Discontinuation of epidural analgesia late in labour for reducing the adverse delivery outcomes associated with epidural analgesia

Not enough evidence to suggest that stopping an epidural late in labour lowers the risk of instrumental delivery or other unwanted outcomes.

Epidurals are used for pain relief in labour, but they increase the risk of instrumental delivery (vacuum/forceps). Stopping epidurals early aims to allow women to feel the pushing urge and so reduce the chance of having an instrumental birth and possible problems associated with such a birth. There is not enough evidence from the five included trials, involving 462 participants, to show whether stopping an epidural really does lower the risk of instrumental delivery or of any other unwanted outcome. The results show that women whose epidural is stopped report more pain than women whose epidural is continued until the birth of the baby. More research is needed.

Authors' conclusions: 

There is insufficient evidence to support the hypothesis that discontinuing epidural analgesia late in labour reduces the rate of instrumental delivery. There is evidence that it increases the rate of inadequate pain relief in the second stage of labour. The practice of discontinuing epidurals is widespread and the size of the reduction in instrumental delivery rate could be clinically important; therefore, we recommend a larger study than those included in this review be undertaken to determine whether this effect is real or has occurred by chance, and to provide stronger evidence about the safety aspects.

Read the full abstract...

Although epidural analgesia provides the most effective labour analgesia, it is associated with some adverse obstetric consequences, including an increased risk of instrumental delivery. Many centres discontinue epidural analgesia late in labour to improve a woman's ability to push and reduce the rate of instrumental delivery.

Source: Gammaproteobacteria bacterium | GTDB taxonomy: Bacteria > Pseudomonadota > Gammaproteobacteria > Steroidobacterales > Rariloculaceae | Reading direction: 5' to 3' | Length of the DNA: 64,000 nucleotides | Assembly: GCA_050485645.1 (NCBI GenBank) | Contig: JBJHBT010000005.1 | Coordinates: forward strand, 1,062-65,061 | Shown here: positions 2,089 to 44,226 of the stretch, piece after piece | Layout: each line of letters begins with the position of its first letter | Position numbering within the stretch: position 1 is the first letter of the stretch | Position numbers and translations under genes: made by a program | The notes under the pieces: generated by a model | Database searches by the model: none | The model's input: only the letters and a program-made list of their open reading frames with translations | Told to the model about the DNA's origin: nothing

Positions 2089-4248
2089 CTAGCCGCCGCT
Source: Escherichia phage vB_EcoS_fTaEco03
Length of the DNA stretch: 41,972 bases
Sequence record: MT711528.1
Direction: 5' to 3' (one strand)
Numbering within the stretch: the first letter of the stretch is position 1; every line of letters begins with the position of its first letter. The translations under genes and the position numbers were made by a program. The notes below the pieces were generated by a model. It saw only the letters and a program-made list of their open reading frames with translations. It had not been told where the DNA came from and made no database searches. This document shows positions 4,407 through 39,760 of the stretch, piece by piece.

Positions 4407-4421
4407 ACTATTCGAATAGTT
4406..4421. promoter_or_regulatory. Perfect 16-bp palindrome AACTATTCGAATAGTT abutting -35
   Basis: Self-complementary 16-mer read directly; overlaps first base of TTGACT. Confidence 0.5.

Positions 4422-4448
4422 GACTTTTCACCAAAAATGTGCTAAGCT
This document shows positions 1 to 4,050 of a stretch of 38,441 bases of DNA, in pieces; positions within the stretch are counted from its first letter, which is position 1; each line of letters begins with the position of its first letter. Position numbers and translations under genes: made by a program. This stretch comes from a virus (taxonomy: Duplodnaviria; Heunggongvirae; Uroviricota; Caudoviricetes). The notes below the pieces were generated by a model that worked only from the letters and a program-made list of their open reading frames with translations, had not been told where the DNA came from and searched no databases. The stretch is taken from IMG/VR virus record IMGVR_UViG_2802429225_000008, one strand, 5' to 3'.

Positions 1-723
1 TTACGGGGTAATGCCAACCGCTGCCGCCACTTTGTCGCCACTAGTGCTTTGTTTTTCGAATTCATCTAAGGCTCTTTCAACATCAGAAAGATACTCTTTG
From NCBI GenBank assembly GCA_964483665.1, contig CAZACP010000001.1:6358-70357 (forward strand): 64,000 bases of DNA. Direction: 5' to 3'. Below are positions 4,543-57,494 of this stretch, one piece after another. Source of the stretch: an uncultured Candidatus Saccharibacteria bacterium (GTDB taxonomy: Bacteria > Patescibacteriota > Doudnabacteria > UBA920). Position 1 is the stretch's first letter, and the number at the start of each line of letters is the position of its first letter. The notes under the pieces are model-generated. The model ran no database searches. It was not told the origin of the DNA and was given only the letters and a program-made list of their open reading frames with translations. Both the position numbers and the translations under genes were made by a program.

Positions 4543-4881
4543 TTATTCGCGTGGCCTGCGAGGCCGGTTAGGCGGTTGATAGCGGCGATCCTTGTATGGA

To assess the impact of discontinuing epidural analgesia late in labour on:
i) rates of instrumental deliveries and other delivery outcomes; and
ii) analgesia and satisfaction with labour care.

Search strategy: 

We searched the Cochrane Pregnancy and Childbirth Group's Trials Register (October 2007).

Selection criteria: 

Randomised controlled trials of epidurals discontinued late in labour compared with continuation of the same epidural protocol until birth, in women who receive an epidural for analgesia in the first stage of labour.

Data collection and analysis: 

Two review authors independently assessed study eligibility and quality and extracted the data. We analysed categorical data using relative risk (RR), and continuous data using weighted mean difference.

Main results: 

We identified six studies, of which five were included (462 participants). Three of these were high-quality studies whilst the other two were judged to be of lower quality because placebo was not used and the method of randomisation not described. All studies used different epidural analgesia protocols (type of drug, dosage or method of administration). Overall, the reduction in instrumental delivery rate was not statistically significant (23% versus 28%, RR 0.84, 95% confidence interval (CI) 0.61 to 1.15) nor was there any statistically significant difference in rates of other delivery outcomes. The only statistically significant result was an increase in inadequate pain relief when the epidural was stopped (22% versus 6%, RR 3.68, 95% CI 1.99 to 6.80).